If you read this blog regularly, you might’ve already heard some of my ideas about reading “randomly” or “for no reason.” By this I mean the purposely haphazard approach I sometimes take toward obtaining books and selecting which ones to read. It’s kind of absurd, even nonsensical – buying a book at a yard sale or picking one out of a box of “junk” left on the curb the morning of recycling day, I’ll often choose a title that doesn’t appeal to me, a novel or memoir or historical survey or self-help book that I’d probably never, ever pay full price for (if I’d even pick it up to read the back). I place the book on a shelf and, one day, on a whim – because I caught sight of the spine as I walked by, because the cat knocked it off its perch, because the cover is the same color as the book I’d just finished – I set all my other reading plans aside and dig in.
Reading only those books that I actively want to read puts me in a sort of box, and this practice of random reading tugs me out of those false and, usually, unproductive confines. And even though these choices aren’t governed by rational thought (or any kind of thought at all), I often find delightful connections and echoes between these seemingly unrelated books. And it’s there, in the friction that occurs between these disparate yet somehow related texts, that I have some of my most interesting thoughts and best ideas. It’s in the collision of things that haven’t been combined before that newness is born – each crash like a tiny Big Bang, giving way to a novel universe. By now and again reading randomly, you’re doing about as much as you possibly can to guarantee that your thoughts and ideas are unique, expressive of your individuality alone.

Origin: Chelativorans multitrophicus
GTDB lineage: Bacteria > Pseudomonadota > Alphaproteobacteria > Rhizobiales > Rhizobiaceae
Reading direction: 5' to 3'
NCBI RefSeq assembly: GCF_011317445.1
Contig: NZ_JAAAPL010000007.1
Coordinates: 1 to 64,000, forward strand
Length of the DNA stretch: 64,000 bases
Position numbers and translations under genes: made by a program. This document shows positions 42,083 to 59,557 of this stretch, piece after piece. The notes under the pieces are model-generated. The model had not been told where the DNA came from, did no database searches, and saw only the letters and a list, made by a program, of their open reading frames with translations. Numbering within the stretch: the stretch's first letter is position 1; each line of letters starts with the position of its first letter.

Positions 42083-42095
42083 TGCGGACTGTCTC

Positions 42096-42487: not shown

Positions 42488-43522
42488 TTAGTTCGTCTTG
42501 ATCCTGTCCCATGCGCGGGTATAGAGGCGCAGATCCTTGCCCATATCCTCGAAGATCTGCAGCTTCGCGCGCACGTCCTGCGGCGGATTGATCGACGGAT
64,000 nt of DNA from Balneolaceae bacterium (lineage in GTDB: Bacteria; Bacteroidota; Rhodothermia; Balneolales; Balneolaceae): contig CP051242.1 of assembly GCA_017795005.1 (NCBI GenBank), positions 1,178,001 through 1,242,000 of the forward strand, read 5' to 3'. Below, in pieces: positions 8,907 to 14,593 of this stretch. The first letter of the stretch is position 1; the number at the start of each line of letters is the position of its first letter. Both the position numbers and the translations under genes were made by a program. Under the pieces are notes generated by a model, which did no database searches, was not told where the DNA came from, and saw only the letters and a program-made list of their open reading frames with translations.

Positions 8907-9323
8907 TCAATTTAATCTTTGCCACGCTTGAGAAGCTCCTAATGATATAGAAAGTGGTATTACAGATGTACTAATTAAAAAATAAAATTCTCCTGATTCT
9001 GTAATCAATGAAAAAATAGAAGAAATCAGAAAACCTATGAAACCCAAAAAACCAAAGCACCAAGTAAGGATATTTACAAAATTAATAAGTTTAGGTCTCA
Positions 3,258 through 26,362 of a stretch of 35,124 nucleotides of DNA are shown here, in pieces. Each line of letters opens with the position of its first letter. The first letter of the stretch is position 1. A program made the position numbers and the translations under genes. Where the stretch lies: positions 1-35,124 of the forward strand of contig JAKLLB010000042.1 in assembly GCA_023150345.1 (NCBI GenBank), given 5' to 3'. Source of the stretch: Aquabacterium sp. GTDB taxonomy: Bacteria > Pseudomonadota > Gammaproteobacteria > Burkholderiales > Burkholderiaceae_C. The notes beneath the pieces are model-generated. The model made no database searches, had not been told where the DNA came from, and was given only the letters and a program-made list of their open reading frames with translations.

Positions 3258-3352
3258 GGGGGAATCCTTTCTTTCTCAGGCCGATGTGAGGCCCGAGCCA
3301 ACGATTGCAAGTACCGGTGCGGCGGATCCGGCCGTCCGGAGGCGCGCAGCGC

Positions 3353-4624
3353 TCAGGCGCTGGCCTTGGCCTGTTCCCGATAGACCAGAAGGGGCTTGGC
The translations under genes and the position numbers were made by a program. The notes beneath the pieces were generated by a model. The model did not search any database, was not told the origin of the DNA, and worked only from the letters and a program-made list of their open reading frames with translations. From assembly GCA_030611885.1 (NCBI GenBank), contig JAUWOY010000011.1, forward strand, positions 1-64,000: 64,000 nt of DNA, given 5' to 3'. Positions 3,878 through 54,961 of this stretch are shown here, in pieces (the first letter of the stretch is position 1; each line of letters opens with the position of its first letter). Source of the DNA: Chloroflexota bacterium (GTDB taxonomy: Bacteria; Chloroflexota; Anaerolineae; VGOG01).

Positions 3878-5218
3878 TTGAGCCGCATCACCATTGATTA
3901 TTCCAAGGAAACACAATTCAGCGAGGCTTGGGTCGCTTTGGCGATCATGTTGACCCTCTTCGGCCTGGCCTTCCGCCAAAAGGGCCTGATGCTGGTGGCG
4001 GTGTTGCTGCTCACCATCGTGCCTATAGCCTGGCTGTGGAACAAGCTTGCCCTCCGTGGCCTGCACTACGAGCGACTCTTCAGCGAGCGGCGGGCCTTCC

I’ve believed all this for a long time – since, I suppose, the first time I picked up a random book (probably as a kid browsing my parents’ bookshelves, or needing to kill a few minutes between classes at school, or maybe waiting for my appointment to start at a doctor’s office) and found one of those delightful and unexpected connections, an echo of whatever novel I had in my backpack or on my desk back home. Just the other day, though, I came across a gorgeous, perfectly articulated statement in defense of these ideas and my somewhat absurd practice. It stunned me, and excited me, and left me briefly disoriented. It was like I’d turned a corner and bumped into myself.
The passage – from César Aira’s slim, funny, profound novel, The Literary Conference (translated from the Spanish by Katherine Silver) – comes shortly after the narrator has more or less randomly solved a centuries-old enigma involving a series of complicatedly knotted ropes that, plunging into the sea, are supposedly bound to some long-dead pirate’s massive treasure chest (this turns out to be true, awesomely).